• Lock Haven University of Pennsylvania Council of Trustees
    • The Lock Haven University of Pennsylvania Council of Trustees shall consist of eleven members who, except for student members, shall be nominated and appointed by the Governor with the advice and consent of the Senate. At least two members of the eleven member council of trustees shall be alumni of the institution.
  • Mansfield University Council of Trustees
    • The Mansfield University Council of Trustees shall consist of eleven members who, except for student members, shall be nominated and appointed by the Governor with the advice and consent of the Senate. At least two members of the eleven member council of trustees shall be alumni of the institution.
  • Millersville University Council of Trustees
    • The Millersville University Council of Trustees shall consist of eleven members who, except for student members, shall be nominated and appointed by the Governor with the advice and consent of the Senate. At least two members of the eleven member council of trustees shall be alumni of the institution.
  • Shippensburg University Council of Trustees
    • The Shippensburg University Council of Trustees shall consist of eleven members who, except for student members, shall be nominated and appointed by the Governor with the advice and consent of the Senate. At least two members of the eleven member council of trustees shall be alumni of the institution.
  • Slippery Rock University of Pennsylvania Council of Trustees
    • The Slippery Rock University of Pennsylvania Council of Trustees shall consist of eleven members who, except for student members, shall be nominated and appointed by the Governor with the advice and consent of the Senate. At least two members of the eleven member council of trustees shall be alumni of the institution.
  • West Chester University of Pennsylvania Council of Trustees
    • The West Chester University of Pennsylvania Council of Trustees shall consist of eleven members who, except for student members, shall be nominated and appointed by the Governor with the advice and consent of the Senate. At least two members of the eleven member council of trustees shall be alumni of the institution.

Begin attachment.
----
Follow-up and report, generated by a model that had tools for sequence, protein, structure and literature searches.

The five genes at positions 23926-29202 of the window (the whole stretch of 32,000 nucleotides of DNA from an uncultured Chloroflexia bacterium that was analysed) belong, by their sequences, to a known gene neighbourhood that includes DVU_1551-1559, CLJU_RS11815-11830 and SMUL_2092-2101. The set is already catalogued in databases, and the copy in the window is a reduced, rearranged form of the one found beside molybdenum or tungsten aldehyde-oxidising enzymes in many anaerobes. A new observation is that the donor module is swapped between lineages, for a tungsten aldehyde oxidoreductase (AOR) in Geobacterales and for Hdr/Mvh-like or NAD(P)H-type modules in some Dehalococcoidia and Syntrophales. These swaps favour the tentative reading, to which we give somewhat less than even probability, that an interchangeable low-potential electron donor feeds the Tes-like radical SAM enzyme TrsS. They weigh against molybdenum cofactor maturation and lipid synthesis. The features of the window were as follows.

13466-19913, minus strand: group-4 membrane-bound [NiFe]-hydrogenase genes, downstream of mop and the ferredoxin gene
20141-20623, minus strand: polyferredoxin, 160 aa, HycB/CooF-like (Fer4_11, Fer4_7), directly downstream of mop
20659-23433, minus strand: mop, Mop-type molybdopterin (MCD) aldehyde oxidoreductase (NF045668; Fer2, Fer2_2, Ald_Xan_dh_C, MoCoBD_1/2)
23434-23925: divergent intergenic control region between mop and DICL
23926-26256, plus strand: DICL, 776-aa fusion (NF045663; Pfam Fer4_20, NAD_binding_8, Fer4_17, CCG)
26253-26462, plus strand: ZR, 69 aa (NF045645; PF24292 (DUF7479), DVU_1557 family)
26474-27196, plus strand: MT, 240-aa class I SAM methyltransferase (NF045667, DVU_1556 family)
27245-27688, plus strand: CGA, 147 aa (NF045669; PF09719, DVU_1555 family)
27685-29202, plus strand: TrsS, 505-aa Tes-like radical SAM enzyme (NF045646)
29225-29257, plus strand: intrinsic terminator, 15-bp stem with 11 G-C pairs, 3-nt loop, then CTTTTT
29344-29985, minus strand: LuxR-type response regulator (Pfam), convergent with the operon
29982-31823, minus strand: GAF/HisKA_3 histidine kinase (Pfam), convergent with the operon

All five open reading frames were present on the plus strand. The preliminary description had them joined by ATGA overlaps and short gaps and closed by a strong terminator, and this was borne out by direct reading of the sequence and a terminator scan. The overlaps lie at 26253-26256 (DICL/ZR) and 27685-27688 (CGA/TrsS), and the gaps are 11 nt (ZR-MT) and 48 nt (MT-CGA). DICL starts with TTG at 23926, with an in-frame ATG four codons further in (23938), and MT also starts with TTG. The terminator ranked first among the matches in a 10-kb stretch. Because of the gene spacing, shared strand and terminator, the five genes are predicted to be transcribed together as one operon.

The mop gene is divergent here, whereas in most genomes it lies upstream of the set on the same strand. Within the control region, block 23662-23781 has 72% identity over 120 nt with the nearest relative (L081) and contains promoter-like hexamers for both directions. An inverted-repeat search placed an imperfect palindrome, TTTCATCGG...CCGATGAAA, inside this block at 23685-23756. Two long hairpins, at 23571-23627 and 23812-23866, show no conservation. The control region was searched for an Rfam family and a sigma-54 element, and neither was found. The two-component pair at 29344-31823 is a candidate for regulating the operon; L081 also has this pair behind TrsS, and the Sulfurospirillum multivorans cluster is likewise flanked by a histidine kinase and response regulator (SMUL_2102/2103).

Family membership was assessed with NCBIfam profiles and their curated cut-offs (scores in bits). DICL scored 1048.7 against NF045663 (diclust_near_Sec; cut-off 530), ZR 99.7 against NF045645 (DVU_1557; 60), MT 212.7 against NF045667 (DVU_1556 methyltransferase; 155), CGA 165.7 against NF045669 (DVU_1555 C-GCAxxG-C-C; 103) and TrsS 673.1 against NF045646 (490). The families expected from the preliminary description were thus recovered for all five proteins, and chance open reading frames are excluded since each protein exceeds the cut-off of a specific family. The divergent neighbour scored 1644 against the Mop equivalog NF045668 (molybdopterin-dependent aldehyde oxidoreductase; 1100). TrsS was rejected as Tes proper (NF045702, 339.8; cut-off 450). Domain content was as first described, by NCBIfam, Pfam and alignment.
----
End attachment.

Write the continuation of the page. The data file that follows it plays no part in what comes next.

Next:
• Temple University Board of Trustees
    • The Office of the Secretary is the administrative unit that provides support to Temple University’s Board of Trustees, which has final authority and responsibility for the policies and governance of the University. The Board of Trustees is comprised of 36 voting members, 24 of whom are elected and 12 of whom are appointed by officials of the Commonwealth of Pennsylvania. In addition to its 36 members, the Governor of the Commonwealth of Pennsylvania, the Secretary of Education of the Commonwealth of Pennsylvania, and the Mayor of the City of Philadelphia serve as non-voting Trustees.
  • University of Pittsburgh Board of Trustees
    • The Board of Trustees oversees all charitable, scientific and academic activities at the University of Pittsburgh. The board consists of 36 voting members, including 12 who are appointed by Commonwealth of Pennsylvania officials. Board members meet throughout the year, participating in both working committees and public sessions, and the Office of the Secretary coordinates all communication between the University community and its board members.
  • Lincoln University Board of Trustees
    • The entire management, control and conduct of the instructional, administrative, and financial affairs of Lincoln University shall be vested in the Board of Trustees. The Board of Trustees of the University shall consist of thirty nine voting members, including the Governor of the Commonwealth, the Secretary of Education of the Commonwealth, and the President of the University, all three of whom shall be voting members of the Board of Trustees, ex officio.

Pennsylvany's State System of Higher Education

PA flagPennsylvania

Goals:

  • Transforming students and the learning environment
  • Transforming resources
  • Transforming university-community relations
  • Transforming PASSHE’s role in determining commonwealth’s future

Components:

  • Developed in 2011
  • Only applies to four year institutions
  • Factors based on National Survey of Student Engagement

Metrics:

  • Student Success-
    • Mandatory Measures: Degrees conferred & closing Achievement Gap for Pell Recipients and Underrepresented Minorities
    • Universities pick one of: Student persistence, value added performance scores, STEM degrees, closing achievement gaps for transfer students
  • Access
    • Closing Achievement gaps for Freshmen & Faculty Diversity
    • Universities pick one of: Faculty career achievement, employee diversity, student diversity, closing access gaps for Transfer students